Historian C. P. Stacey returns to Cockspur Street

April 9, 2015

The place was Canadian Military Headquarters (CMHQ), a warren of windowless rooms located on London’s Cockspur Street. As air raid sirens wailed and bombs fell outside, Colonel C. P. Stacey and the historians working for him painstakingly gathered the information needed to someday write the story of Canada’s army in the Second World War.

Now, nearly 75 years later, Colonel Stacey has returned to Cockspur Street. For the next year, visitors entering the revamped Canada House through the doors at 2-4 Cockspur Street will be greeted by History in the Making – C. P. Stacey and Canadian Military Headquarters, a display created by the Canadian War Museum in co-operation with the Canadian High Commission.

A demanding job

Stacey first stepped through the same doorway in December 1940. Built as the London office for Montreal’s Sun Life Assurance, the building had been gradually taken over as the Canadian Military Headquarters in the United Kingdom starting in late 1939.

A professionally trained historian who taught at Princeton before the war, Major Stacey, as he was then, had been sent to command the military history section of CMHQ. “His job,” says Jeff Noakes, Historian, Second World War at the Canadian War Museum, “was to collect information, interviews and documents, and prepare preliminary reports for the writing of the official history” — before the shooting ended.

A lasting legacy

Stacey’s work in London, says Noakes, profoundly affected his career — and the writing of Canadian military history. Remaining in the army after the war, Stacey oversaw the daunting and sometimes politically sensitive creation of the three-volume Official History of the Canadian Army in the Second World War, based on the material that he and his historians had so carefully collected in London and in the field. Stacey wrote two of the volumes himself. Even if historians disagree with his arguments or his conclusions, says Noakes, “his works remain fundamental ones that historians of the Canadian Army in the Second World War must address.” Stacey’s influence was felt in other ways, too. “Many of those who served under Stacey during the war went on to become notable military historians in their own right,” states Noakes. “He helped train a whole generation.” Retiring from the army in 1959, Stacey went on to teach at the University of Toronto.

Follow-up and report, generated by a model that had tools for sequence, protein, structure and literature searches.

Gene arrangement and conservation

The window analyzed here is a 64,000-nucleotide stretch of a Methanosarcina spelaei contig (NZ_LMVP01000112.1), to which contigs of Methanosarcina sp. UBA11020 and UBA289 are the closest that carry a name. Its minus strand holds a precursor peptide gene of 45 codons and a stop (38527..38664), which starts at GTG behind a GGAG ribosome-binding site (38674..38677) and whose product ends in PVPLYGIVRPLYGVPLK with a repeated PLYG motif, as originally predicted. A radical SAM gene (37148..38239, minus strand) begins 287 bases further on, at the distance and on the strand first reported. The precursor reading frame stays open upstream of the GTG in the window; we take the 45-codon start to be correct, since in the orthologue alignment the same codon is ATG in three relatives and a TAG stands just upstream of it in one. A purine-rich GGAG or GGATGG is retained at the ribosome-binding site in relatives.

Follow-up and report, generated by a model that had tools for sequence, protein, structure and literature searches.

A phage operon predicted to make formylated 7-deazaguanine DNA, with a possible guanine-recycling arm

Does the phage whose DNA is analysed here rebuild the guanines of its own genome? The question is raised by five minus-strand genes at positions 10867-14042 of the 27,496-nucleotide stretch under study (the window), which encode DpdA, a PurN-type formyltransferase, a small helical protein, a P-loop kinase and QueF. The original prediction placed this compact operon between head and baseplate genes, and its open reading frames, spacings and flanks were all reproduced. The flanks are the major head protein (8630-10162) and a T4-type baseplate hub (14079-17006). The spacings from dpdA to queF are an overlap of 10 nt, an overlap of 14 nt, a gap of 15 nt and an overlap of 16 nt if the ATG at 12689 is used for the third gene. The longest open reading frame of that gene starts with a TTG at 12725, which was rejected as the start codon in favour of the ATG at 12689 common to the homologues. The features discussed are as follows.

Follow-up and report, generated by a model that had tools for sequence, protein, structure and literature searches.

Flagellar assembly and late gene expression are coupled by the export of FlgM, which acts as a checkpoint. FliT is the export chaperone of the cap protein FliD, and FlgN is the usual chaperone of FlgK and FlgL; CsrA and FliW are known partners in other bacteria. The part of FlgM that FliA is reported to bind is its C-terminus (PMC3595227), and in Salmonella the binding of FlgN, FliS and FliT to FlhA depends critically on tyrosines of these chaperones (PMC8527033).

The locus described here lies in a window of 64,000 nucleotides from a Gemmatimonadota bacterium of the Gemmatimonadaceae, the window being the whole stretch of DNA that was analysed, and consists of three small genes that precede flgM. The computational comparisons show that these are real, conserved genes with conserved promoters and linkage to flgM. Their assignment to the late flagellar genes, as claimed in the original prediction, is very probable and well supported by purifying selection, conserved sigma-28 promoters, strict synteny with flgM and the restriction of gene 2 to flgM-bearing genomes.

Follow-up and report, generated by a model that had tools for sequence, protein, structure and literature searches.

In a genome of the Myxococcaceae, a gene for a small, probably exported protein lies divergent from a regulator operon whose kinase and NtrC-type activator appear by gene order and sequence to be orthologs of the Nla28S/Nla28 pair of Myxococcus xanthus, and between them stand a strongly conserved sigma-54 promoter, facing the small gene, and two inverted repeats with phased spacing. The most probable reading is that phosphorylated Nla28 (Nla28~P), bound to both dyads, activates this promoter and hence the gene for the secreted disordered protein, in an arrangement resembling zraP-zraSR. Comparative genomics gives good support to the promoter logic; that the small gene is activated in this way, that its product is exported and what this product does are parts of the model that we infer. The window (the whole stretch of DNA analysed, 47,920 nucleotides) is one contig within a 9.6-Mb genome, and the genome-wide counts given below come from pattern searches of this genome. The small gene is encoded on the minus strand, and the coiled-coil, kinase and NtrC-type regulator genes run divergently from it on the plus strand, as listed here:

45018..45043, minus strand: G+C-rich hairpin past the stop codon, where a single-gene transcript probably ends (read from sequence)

As well as his uniform tunic, the display features photographs of Stacey, his colleagues in the historical section and pictures of London during the Blitz. One shot shows a deep crater from a bomb that Stacey described as falling outside CMHQ “just at its back door.” A guest book rediscovered during renovation at Canada House sits open to the page that Stacey signed in December 1940. A large reproduction of Jack Shadbolt’s 1945 watercolour of Canadian Military Headquarters provides a backdrop for the display on this remarkable historian.

A future relationship

Caroline Dromaguet, project manager for History in the Making – C. P. Stacey and Canadian Military Headquarters and the Canadian War Museum’s Manager of Exhibitions and Strategic Initiatives, says that both the Canadian Museum of History and the Canadian War Museum hope to continue working with Canada House on exhibits in the future.


Top:  Canadian Military Headquarters, London, England, by George Tinning                 CWM 19710261-5424, Beaverbrook Collection of War Art © Canadian War Museum

Bottom: Colonel C. P. Stacey, Library and Archives Canada PA-501024